Flooding and Potholes Welcome Spring to Duluth
Minnesota Avenue on Park Point is covered with more than a foot of water
“You’d have to have an army of pump trucks to empty this right now. Our biggest fear now would be if it gets cold now, freezes, and turns out to be a whole ice skating rink,” said Joel Johnson, owner of Lakehead Boat Basin and the Farifield Inn and Suites on Park Point.
South Minnesota Avenue on Park Point is now a little lake and it’s difficult to drive to some businesses on the bay.
“It’s not too bad yet,” said Johnson. “It’s only maybe fifteen inches deep at the deepest so they’re okay yet.”
Cars are having trouble getting into the Fairfield Inn.
“We might end up doing a valet service instead to get them taken care of so they can get from their car to the hotel,” said Johnson.
He says because of frozen drains water isn’t clearing the street near the Lakehead Boat Basin marina.
“We can almost float them where they are and save a launching time,” said Johnson.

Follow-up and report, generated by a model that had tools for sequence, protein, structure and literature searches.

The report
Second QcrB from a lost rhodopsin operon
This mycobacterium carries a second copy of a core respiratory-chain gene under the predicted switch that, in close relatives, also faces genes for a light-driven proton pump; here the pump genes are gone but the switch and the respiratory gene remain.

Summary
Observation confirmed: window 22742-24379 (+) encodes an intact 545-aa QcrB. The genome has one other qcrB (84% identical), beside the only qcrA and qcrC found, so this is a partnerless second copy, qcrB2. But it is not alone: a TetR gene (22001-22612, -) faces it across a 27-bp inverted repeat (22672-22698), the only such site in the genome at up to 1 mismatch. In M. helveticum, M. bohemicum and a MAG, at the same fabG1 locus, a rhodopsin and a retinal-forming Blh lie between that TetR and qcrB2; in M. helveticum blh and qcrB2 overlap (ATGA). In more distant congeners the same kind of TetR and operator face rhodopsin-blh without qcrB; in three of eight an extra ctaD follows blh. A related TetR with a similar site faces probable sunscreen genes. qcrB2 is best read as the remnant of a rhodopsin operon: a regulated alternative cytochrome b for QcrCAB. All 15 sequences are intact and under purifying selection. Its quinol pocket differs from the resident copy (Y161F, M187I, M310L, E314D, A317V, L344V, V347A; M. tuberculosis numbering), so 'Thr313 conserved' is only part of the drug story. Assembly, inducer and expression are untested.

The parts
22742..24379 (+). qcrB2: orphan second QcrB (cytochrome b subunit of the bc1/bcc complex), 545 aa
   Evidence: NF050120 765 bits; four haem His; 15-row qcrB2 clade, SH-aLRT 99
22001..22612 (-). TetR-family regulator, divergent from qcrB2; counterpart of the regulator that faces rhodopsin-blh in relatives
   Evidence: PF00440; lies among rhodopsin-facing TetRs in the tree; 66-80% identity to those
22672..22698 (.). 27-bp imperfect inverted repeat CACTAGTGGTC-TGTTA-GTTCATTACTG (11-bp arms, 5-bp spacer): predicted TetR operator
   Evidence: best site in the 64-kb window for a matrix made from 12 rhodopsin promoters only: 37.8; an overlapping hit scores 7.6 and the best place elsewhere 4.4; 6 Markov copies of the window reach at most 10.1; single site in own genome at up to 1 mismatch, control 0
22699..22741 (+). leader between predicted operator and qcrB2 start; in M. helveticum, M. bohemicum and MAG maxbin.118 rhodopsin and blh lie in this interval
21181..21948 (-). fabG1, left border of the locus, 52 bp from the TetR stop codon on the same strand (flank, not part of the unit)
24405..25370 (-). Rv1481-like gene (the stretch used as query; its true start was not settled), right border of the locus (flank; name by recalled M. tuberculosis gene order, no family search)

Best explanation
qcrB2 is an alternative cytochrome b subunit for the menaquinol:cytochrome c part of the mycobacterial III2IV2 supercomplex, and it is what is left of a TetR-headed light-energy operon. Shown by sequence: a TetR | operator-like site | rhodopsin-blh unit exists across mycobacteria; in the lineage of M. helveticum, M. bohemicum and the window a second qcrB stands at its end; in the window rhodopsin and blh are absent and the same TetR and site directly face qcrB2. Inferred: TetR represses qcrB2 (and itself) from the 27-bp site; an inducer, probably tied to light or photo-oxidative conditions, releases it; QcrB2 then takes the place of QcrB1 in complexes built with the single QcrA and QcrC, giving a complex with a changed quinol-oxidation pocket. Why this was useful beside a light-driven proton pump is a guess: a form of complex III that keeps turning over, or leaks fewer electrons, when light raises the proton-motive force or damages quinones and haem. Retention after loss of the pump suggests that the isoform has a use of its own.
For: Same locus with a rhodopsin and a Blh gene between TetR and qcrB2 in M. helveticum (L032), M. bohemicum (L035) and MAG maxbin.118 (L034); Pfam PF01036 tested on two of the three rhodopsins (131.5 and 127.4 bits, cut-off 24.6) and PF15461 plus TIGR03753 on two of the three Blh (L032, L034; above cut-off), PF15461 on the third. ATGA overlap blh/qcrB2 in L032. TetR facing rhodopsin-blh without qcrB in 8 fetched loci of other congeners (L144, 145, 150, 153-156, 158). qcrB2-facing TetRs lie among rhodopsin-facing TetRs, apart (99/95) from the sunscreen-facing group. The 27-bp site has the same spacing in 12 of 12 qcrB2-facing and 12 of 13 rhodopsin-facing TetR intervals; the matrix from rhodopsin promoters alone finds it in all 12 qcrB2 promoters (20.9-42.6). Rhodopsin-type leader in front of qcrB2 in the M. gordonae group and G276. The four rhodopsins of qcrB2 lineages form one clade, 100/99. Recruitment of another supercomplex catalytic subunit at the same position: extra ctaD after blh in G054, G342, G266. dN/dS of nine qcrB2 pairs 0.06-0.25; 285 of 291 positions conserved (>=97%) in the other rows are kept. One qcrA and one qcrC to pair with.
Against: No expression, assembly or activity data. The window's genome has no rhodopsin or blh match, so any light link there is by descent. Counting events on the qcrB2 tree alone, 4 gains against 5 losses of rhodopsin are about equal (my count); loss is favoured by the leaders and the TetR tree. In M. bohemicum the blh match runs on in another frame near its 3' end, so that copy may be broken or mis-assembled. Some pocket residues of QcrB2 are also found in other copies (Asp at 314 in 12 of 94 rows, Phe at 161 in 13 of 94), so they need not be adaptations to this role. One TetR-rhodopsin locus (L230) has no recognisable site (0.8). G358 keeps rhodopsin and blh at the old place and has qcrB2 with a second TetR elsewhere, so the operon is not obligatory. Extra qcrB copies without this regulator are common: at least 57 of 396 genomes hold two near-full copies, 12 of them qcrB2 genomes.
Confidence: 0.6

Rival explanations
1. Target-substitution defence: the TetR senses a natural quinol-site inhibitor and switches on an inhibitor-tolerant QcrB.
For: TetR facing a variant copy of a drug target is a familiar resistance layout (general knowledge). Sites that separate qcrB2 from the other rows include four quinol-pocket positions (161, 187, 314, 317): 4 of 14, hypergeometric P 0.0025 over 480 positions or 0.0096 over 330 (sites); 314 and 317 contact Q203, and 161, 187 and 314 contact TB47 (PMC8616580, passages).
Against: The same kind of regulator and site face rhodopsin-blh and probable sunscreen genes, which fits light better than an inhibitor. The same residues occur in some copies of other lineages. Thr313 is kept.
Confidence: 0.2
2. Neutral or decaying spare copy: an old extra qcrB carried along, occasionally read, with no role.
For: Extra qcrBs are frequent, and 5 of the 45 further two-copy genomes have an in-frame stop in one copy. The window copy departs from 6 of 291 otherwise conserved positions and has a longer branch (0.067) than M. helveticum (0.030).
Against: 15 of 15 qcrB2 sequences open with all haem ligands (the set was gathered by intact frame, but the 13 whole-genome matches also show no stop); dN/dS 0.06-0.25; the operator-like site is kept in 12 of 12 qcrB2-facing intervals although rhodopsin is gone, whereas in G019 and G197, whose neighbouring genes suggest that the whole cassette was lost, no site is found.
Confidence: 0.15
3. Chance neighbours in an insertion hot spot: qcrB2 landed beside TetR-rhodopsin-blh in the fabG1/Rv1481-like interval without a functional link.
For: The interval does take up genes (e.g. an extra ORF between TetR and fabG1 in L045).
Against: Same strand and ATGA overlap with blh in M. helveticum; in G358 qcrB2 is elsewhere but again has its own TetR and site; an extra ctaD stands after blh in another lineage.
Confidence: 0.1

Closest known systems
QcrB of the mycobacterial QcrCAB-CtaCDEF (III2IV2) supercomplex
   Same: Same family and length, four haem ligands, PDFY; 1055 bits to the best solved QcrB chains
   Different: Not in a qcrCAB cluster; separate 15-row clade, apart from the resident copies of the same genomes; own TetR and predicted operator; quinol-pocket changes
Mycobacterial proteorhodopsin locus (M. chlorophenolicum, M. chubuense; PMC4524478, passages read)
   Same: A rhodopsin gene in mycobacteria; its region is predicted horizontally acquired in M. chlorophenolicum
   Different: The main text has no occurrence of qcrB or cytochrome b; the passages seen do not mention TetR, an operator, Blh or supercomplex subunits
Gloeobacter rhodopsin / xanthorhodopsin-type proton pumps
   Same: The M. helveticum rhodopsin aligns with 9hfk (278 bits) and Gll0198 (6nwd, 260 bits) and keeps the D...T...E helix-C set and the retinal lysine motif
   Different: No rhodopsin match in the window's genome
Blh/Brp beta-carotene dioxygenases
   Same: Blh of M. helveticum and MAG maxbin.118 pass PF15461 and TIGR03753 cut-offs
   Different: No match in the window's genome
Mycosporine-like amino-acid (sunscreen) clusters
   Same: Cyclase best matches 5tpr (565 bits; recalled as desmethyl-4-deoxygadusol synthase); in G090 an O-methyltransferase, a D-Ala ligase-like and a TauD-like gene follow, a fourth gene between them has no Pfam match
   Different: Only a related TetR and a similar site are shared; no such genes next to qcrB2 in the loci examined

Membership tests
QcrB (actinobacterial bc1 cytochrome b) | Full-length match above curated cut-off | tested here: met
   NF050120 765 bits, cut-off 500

Getting from the Aerial Lift Bridge to the marina is becoming just as big a challenge because of potholes.
“I can guarantee you that everybody will believe that their street is the worst and they’re actually right,” said Duluth Mayor Emily Larson.
City officials say this is an exceptionally bad year for broken and battered roads in Duluth.
“The more snow we have, the more plows we put on the road, more often that those plows are pushing their blades on that asphalt and popping up what were previously good patches,” said Jim Benning, Director of Public Works and Utilities.
Park Point, East Superior Street between 30th and 60th Avenues East, and some parts of Woodland Avenue are some spots city crews will focus on fixing in the coming weeks.
But they urge Duluthians to keep them informed of problem areas across the city.
“The more our residents can help us clean out those drains or those catch basins and keep an eye on the things that we can control as residents, it’s really helpful to get the expertise that we need and that we have out on the street doing the work,” said Larson.
Mayor Larson says she continues to work with state lawmakers to get Duluth’s sales tax increase in place. She says the money collected from the tax will be a sustainable solution to fixing streets.